Events are quite possibly one of the most time-consuming activities a business – big or small – can run and so often result in an almost black or white result of “hit or miss”.
Regardless of whether the event is a small local fair, an intimate dinner for key prospects, a conference for a few hundred people or a tradeshow for thousands of delegates, there’s a number of golden rules to getting an event right.
These rules are surprisingly simple to follow, yet failing to take appropriate consideration can result in a seriously disappointing result.
If you’re looking to run an event yourself, one of the hardest tasks you’re faced with is the “recruitment” of attendees e.g. getting people to attend it. No matter how well defined your event maybe, you still need to ensure that you get the right people there to give yourself the best chance of hitting your goals.
Likewise, if you’re attending or supporting an event run by someone else, then your goals will likely be around sales or lead generation – very much linked to attendee engagement again – and the results of this will absolutely define whether you come away with success or not.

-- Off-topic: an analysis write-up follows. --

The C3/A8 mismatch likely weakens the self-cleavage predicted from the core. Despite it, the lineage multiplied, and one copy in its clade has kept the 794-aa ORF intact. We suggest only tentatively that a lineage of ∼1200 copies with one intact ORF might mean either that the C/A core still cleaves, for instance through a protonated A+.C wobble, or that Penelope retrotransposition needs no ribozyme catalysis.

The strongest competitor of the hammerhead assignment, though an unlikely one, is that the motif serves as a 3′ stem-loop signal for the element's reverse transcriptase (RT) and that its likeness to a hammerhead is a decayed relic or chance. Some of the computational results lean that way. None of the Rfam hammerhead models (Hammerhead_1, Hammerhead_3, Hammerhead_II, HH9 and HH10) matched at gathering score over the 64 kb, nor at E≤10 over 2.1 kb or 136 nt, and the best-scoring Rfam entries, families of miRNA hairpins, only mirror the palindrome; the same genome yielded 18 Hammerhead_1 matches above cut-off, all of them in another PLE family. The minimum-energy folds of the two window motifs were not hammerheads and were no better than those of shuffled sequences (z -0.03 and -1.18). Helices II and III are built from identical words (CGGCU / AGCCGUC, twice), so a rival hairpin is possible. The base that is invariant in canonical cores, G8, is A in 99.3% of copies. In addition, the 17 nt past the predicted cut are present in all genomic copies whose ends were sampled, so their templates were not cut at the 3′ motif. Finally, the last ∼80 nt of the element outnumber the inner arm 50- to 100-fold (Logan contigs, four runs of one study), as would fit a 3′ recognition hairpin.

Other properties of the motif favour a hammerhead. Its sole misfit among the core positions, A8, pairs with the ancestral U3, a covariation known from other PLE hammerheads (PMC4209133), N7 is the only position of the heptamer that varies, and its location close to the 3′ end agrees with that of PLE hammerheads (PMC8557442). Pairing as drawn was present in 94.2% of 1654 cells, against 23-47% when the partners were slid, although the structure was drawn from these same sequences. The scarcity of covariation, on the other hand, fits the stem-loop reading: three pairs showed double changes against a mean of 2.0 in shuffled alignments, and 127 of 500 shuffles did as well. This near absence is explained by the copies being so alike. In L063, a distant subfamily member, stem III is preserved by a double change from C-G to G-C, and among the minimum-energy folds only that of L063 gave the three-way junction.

An event of any kind does take a significant amount of time and resource (and often money) invested into it and whilst events can offer a business a fantastic platform for face to face engagement, they can often be an expensive disappointment.
So what are the key rules or principles behind making an event really work?
- Set goals and objectives before you do anything. Now I’ve personally been in a number of situations where the suggestion of running an event to try and help boost sales has been put forward. Quite often though, that suggestion hasn’t been based on a clear understanding of the targets, audience and the market and a determination as to whether an event is the right activity in the first place. It might be that actually when you really drill down to setting goals, that maybe something else is a better fit. Maybe a social media campaign, a digital programme, a promotional campaign or something else – regardless it’s important to determine your goals well before you choose your activity type. You can read more about this in The Entrepreneurs Marketing Manual to learn more.